Reactivity of integrin-linked kinase in human mesothelial cell proliferation

Stefan B Watzka, Ulrike Setinek, Monika Huber, Heidi Cantonati, Franz Lax, Sonja Watson, Günter Weigel, Michael R Müller
Interactive Cardiovascular and Thoracic Surgery 2008, 7 (1): 107-10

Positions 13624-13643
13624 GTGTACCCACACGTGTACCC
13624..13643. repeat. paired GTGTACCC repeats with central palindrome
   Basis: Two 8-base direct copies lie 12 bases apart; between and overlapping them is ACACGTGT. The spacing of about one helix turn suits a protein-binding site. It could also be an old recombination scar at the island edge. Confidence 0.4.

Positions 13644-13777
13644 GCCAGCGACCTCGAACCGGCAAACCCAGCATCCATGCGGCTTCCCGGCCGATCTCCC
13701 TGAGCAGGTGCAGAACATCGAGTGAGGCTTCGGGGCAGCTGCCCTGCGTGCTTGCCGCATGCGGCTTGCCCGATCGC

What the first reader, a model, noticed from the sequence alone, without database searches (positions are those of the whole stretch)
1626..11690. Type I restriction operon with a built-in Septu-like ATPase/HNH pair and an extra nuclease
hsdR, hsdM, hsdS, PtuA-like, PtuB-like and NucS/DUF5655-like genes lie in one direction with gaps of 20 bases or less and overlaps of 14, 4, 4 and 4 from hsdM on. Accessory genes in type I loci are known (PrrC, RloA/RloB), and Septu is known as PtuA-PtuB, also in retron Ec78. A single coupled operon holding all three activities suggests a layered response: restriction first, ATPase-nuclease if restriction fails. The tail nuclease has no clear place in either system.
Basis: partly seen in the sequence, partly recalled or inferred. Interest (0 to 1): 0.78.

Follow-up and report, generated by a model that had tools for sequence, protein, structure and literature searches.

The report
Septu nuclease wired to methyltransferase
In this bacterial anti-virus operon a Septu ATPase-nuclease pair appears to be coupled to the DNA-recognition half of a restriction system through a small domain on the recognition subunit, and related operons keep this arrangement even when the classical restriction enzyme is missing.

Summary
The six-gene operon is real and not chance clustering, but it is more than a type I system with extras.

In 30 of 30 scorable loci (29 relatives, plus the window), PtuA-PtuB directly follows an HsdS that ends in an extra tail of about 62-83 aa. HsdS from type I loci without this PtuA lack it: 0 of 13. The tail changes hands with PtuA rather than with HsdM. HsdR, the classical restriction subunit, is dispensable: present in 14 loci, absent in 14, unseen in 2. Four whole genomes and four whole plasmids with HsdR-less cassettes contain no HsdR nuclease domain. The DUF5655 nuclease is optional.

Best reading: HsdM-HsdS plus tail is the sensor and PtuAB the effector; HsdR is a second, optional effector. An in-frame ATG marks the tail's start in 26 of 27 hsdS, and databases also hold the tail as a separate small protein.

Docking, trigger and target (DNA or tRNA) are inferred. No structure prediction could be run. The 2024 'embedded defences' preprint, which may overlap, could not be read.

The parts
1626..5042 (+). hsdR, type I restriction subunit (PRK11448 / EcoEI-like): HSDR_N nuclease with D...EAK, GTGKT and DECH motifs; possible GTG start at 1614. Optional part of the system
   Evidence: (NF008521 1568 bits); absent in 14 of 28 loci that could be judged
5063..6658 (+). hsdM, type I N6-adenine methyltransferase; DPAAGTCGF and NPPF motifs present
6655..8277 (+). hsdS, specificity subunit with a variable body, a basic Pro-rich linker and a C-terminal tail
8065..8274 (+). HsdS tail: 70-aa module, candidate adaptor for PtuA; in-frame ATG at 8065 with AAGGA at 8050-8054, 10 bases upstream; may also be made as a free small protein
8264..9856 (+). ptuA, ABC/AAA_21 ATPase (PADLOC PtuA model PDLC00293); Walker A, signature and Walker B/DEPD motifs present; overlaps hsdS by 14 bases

Integrin-linked kinase (ILK) is a protein kinase that links integrins and growth factors to a range of signalling pathways. ILK expression and activity are increased in a variety of human cancers. However, little is known regarding the role of ILK in malignant pleural mesothelioma (MPM). In this study, we assessed the expression of ILK in samples of human MPM, and compared it with the expression of epidermal growth factor receptor (EGFR). Thirty-four samples of human malignant mesothelioma were stained with a polyclonal antibody against ILK. Two independent observers evaluated the morphological pattern and intensity of staining. The findings have been compared with the patient's characteristics. Most MPM and mesothelial cell proliferation samples (87.9%) showed cytoplasmic ILK staining of varying intensity. Normal mesothelial cells and normal lung parenchyma did not stain for ILK at all. Conversely, the percentage of positive EGFR staining was somewhat lower (75.8%). The ILK-positive patients were significantly older than the ILK-negative patients. Here we report for the first time that ILK is indeed expressed in malignant mesothelioma. For further validation of a causal association between ILK and neoplastic mesothelial transformation, these immunohistochemical results should be supplemented with clinical and molecular biological data.

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